“The woman said to Him, ‘I know that Messiah is coming (He who is called Christ); when that One comes, He will declare all things to us.’ Jesus said to her, ‘I who speak to you am He.’ (John 4:25-26)
Jesus said to him, “I am the way, and the truth, and the life; no one comes to the Father but through Me. (John 14:6)
Many voices claim that it doesn’t really matter what religion you practice – that in the end, all spiritual roads lead to the same god. They claim that there are many paths to salvation, though each person may define for him or herself what salvation really means.
Lest I be misunderstood, I’m not saying we should be unkind to people who aren’t Christian. After all, it was Jesus who said, “love your enemies”. So, if we are to love even our enemies, certainly loving everyone on the planet is inherent in that command; an enemy would be the last person anyone would love. Therefore, the Word of God teaches that followers of Jesus Christ are to love everyone, making no distinctions between people for any reason; in fact, it is precisely our love that is supposed to draw others to Jesus.
What I will say, though, is that those who claim that all religions are the same and imply that they all fit with Christianity are mistaken. Further, it makes even less sense for a Christian to acknowledge all religions as being avenues to salvation.
Why are Christians called Christians? Because we follow Christ. He is the Teacher, and we are His disciples. As such, we should accept Jesus’ teachings as preeminent and authoritative. Let’s look at what the Teacher taught by studying some of His “I AM” statements, found in the gospel of John.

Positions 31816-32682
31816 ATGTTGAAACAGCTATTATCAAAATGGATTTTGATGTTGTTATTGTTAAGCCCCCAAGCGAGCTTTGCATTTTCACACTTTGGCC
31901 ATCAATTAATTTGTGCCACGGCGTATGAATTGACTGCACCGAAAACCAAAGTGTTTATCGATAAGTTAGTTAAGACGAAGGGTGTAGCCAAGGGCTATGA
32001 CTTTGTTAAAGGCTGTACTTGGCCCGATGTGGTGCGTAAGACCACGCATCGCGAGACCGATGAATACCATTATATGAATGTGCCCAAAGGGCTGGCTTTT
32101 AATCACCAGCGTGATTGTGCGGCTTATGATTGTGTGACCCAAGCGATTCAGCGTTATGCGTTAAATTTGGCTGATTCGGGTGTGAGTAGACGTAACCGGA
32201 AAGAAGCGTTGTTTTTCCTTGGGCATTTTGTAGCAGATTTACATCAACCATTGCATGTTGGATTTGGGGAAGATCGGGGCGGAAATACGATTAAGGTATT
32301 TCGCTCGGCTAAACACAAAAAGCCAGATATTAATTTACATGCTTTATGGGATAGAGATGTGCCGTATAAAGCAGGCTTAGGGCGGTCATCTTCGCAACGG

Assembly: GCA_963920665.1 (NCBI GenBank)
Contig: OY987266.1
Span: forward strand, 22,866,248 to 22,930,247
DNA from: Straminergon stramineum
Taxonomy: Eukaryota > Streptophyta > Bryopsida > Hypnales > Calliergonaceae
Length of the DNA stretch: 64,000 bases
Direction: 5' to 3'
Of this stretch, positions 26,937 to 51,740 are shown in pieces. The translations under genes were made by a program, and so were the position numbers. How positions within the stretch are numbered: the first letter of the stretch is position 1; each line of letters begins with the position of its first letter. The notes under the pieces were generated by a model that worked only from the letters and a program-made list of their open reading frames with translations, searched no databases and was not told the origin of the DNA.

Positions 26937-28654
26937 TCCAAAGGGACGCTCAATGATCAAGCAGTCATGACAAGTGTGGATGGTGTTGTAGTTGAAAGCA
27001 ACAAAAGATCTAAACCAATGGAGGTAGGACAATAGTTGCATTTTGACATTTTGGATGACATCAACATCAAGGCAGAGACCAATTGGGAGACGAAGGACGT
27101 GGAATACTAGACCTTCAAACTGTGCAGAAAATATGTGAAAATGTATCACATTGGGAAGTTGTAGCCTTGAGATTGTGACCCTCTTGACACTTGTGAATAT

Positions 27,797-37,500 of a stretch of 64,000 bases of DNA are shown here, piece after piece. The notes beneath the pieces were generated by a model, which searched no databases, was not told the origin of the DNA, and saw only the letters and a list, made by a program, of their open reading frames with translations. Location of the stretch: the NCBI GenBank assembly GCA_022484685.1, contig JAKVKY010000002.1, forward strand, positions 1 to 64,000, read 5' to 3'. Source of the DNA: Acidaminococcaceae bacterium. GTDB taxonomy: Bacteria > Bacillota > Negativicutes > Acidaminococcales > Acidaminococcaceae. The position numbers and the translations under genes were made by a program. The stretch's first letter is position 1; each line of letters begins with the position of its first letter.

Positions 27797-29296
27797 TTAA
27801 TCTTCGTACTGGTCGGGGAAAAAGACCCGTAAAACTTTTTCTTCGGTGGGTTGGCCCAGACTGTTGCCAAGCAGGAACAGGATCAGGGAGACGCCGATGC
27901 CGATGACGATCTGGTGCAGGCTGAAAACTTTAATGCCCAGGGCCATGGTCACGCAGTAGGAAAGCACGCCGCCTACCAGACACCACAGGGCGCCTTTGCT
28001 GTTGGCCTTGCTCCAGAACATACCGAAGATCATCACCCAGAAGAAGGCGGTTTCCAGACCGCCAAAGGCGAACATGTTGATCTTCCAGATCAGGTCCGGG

I am the door. During the grace period before the flood, people had only one avenue for salvation: believe God’s warning, as given through Noah, and act on that belief by physically getting on the ark. There was only one way to enter the ark, and that was through a single door; and once that door was shut, no one else was getting on that ship.
Jesus uses the door in the context of the parable of the sheep. As the Good Shepherd, He is the gatekeeper to the flock. Those who enter by the gate were safe inside, enjoying their Shepherd’s protection. Jesus said that He is the door to salvation. First, He said, “Truly, truly I say to you, I am the door of the sheep…” He then expanded on the parable and gave us it’s interpretation: “I am the door; if anyone enters through me, he will be saved…” (John 10:7, 9).
I am the way. No one comes to the Father but by Him. There’s no salvation apart from God, and Jesus proclaimed Himself to be the only way to Him.
I am the truth. In Psalms 69:13, David says that God’s truth has the power to save. No wonder then that Jesus, whose name means “God saves,” said that He is the truth. He is that saving truth from above.
Jesus did not claim to be a truth, a way, a door. He used the definite article – He is the truth, the way, the door. There is only One. If you are truly His disciple, you acknowledge that He is the truth, and that His every word is more real than life itself.
There is only one God, and only one path to salvation and eternal life. That way is Jesus Christ.